Signal was managed by Barco E2 with various presets for video rolls and support acts, Jim’s show state was five PiPs across all the video surfaces to accommodate the multiple camera angles.

The lighting was designed by Dave Jackson of Creative Productions whose biggest challenge was clearly placing light fixtures out of the way of the large video element.

Dave Jackson of Creative Productions

“Obviously single look shows have to have a big impact without much movement or cues,” he said. “We ended up with a back wall of 30 GLP X4S and 90 LEDBLADE LED strips to frame it all out.

“Overhead we had 16 Ayrton Mistrals for overhead lighting and key light for Jim, which was very difficult because of the way the curved screen worked! It was a bit of a mission but it worked out.”

After the second show, Dave decided to add a few Robe BMFL Beam wash on the floor for a bit of extra back light as they’re shooting fairly tight for IMAG.

He also employed three Robe BMFL Blades linked to his newly purchased Follow-Me system that allows him to assignunlimited fixtures from any manufacturer in any orientation to multiple targets from one operating system.

“We purchased the Follow-Me at LDI as we had a couple of other riders in the New Year requesting it,” said Dave. “We looked at Spotrack and the Robe RoboSpot but Follow-Me ticked all of the boxes … and of course, the fact it was already on riders was a big factor.

“Follow-Me offers a cost saving, quick to implement alternative to follow spots and rigging nightmares.”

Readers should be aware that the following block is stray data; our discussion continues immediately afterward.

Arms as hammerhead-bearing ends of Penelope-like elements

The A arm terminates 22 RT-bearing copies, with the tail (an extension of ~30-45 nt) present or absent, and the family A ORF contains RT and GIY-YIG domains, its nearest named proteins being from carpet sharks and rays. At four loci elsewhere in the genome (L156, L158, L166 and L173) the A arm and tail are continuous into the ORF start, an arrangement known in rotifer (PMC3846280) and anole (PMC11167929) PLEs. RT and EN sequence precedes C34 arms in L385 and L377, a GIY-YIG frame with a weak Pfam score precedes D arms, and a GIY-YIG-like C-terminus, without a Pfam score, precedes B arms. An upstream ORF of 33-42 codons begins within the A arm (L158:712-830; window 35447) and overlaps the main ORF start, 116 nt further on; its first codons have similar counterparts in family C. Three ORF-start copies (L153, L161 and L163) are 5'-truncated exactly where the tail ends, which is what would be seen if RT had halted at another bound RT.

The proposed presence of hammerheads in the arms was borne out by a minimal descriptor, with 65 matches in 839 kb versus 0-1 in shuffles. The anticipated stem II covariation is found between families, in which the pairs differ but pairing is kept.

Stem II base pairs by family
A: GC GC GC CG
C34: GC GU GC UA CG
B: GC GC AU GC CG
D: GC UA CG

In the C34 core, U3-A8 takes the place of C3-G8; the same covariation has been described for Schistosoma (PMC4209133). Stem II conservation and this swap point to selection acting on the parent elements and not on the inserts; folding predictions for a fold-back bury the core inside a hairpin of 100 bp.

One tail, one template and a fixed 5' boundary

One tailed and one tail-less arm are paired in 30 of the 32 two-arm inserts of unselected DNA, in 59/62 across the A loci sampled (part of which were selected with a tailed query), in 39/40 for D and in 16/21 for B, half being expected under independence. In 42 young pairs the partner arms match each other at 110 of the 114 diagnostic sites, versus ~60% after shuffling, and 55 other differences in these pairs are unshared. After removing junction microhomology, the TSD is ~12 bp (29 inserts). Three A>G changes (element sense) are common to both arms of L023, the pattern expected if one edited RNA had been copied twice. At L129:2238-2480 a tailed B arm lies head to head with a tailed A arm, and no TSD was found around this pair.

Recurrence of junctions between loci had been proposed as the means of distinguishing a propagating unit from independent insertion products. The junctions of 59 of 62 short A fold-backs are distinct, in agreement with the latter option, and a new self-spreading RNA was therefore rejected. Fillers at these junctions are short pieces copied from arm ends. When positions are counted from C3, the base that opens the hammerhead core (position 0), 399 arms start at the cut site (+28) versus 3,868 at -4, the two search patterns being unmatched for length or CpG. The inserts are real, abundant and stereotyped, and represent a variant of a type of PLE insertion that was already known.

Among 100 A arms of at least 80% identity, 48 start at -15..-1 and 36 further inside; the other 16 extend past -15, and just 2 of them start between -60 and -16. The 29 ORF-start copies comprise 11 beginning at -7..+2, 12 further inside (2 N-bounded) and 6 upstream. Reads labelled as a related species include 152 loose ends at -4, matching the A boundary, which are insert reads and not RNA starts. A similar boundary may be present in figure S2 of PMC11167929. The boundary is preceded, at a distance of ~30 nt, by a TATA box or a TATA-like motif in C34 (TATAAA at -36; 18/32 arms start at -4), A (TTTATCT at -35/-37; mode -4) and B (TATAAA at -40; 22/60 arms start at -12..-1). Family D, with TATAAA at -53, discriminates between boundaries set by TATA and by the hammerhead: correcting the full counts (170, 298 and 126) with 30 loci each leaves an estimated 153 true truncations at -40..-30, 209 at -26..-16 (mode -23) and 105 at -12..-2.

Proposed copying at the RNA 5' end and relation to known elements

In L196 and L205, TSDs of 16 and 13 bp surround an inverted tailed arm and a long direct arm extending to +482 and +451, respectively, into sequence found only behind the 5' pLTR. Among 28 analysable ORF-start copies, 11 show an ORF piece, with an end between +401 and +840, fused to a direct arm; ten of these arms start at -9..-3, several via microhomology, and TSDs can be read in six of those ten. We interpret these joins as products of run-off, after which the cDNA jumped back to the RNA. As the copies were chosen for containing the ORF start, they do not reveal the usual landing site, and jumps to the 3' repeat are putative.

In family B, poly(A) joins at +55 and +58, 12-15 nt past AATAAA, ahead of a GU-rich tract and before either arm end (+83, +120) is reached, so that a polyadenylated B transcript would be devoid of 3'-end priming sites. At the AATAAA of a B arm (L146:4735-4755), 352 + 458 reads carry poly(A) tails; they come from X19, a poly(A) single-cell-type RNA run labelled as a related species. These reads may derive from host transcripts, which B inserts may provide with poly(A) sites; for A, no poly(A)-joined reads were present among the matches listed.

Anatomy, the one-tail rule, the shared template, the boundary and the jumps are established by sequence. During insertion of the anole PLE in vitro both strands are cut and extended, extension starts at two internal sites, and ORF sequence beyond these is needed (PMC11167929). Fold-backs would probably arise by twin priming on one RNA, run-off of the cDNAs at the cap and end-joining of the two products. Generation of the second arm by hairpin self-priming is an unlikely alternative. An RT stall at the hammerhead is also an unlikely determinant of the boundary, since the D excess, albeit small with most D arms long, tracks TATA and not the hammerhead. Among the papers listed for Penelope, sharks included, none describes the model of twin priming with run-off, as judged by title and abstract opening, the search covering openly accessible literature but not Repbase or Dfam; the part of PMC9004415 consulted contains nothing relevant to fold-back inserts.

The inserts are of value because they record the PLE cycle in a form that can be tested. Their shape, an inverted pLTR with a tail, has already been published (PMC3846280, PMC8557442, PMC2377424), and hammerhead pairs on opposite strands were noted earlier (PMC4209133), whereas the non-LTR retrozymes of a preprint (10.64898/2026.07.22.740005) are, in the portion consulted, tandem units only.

Dave admits he didn’t actually have a lot to do during the show but he couldn’t resist taking out his new MA Lighting MA3 console.

“We were very busy at the time so all of our MA and Hog consoles were out ….. and I’m not letting my MA3 go to festivals just yet!” he said. “I had only used it on The Wombats before so it was a good opportunity to keep familiarising myself with the work surface.”

 

From CX Magazine – February 2019CX Magazine is Australia and New Zealand’s only publication dedicated to entertainment technology news and issues – available in print and online. Read all editions for free or search our archive www.cxnetwork.com.au
© CX Media

Recent Posts

Back to Lighting

November 21, 2019

Scienceworks Planetarium

November 21, 2019

Vale Anne Kerr

November 20, 2019

Barbizon Lighting Australia ceases trading

November 20, 2019

Robe T1 Profile

November 20, 2019

The NBN – Not to Blame, Necessarily

November 19, 2019

Guy Sebastian

November 18, 2019

How to win a Cisco hackathon

November 15, 2019

Undercutting. You aren’t really helping yourself!

November 13, 2019

Two Way Radios

November 12, 2019

juliusg

Keep Up To Date with CX Media

Get the latest information from CX Media delivered straight to your Inbox.